You are here

Question: 

A uniform horizontal rod of mass $M$ and length $l$ rotates with angular velocity $\omega$ about a vertical axis through its center. Attached to each end of the rod is a small mass $m$. Determine the angular momentum of the system about the axis.

Giancoli, Douglas C., Physics: Principles with Applications, 7th Ed., ©2014. Reprinted by permission of Pearson Education Inc., New York.
The question will be visible after logging in, as required by Pearson Education Inc.

Quick Answer: 

$\dfrac{1}{2}\omega l^2 (m + \dfrac{M}{6})$

Giancoli 7th Edition, Chapter 8, Problem 70

(1:52)

Chapter 8, Problem 70 is solved.

View sample solution

Transcript for this Giancoli solution

This is Giancoli Answers with Mr. Dychko. The main challenge in this question is figuring out the moment of inertia of the system. So we have a rod with an axis of rotation in its center and here's a side view and the axis of rotation is vertical and the rod is horizontal and there is a mass on each end of the rod as well. And if you have a top-down view this is what it would look like where the whole system is rotating in the direction of these red arrows. So we have a uniform rod with an axis of rotation in the center plus we have two point masses— one on each end— and each of them will have a moment of inertia mass times distance from this axis of rotation squared. So the distance to the axis of rotation is l over 2 for each of these masses—total length of the rod divided by 2. So we have two of those masses so that's why we go 2 times mr squared where r, you know, usually for point mass we have I equals mr squared so r in this case is l over 2 and that gets squared and then plus we have the moment of inertia for a rod with an axis of rotation at center one-twelfth mass of the rod times its length squared. And all that gets multiplied by the angular velocity to get the angular momentum. And so we can cancel one of the 2's here— there's two of them because it's squared— with this 2 there and then factor out the remaining one-half and factor out a half from the one-twelfth to make it into one-sixth and then factor out the l squared as well and we get one-half ωl squared times the small mass on the end plus the rod mass divided by 6 and that is the angular momentum of the system.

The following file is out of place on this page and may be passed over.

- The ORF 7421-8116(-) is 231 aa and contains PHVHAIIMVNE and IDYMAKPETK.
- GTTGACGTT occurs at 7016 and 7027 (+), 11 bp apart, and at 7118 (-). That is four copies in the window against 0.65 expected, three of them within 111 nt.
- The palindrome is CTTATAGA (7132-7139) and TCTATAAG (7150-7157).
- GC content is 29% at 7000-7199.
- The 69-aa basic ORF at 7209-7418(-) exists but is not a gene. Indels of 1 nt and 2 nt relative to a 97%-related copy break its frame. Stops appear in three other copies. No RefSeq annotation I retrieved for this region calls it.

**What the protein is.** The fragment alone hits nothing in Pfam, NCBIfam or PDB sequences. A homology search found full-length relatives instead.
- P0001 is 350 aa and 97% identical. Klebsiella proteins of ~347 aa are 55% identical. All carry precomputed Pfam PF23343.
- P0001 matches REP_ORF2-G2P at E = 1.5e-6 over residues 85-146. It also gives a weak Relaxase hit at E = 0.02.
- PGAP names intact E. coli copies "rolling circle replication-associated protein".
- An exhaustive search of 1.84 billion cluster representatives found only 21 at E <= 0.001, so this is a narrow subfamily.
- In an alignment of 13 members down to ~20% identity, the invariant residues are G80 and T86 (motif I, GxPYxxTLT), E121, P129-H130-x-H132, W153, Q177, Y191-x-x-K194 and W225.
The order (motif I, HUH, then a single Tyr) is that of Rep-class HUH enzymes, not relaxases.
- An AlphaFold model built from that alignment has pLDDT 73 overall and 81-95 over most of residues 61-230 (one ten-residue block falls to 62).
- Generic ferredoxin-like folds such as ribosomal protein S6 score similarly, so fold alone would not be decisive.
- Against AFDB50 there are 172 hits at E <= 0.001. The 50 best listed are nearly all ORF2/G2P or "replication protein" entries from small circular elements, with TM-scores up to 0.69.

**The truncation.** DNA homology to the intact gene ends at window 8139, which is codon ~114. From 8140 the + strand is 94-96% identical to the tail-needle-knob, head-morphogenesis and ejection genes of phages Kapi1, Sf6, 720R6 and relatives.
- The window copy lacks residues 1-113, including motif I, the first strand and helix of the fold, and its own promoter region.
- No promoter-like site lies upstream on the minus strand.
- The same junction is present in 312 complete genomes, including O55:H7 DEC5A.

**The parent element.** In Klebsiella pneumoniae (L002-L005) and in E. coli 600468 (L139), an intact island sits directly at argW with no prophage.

Comments

Hi Mr. Dychko,
For solving for the inertia of the horizontal rod, why do we use the I = (1/12 M L^2) equation and not the I = (1/3 M L^2) equation?
Thanks!

Hi aheumangutman, the position of the axis of rotation affects which equation to use. The textbook has some good illustrations on pg. 210 in Figure 8-20. This particular question says the axis of rotation is positioned at the center of the rod, which is what makes the equation $I=\dfrac{1}{12}ML^2$.

All the best,
Mr. Dychko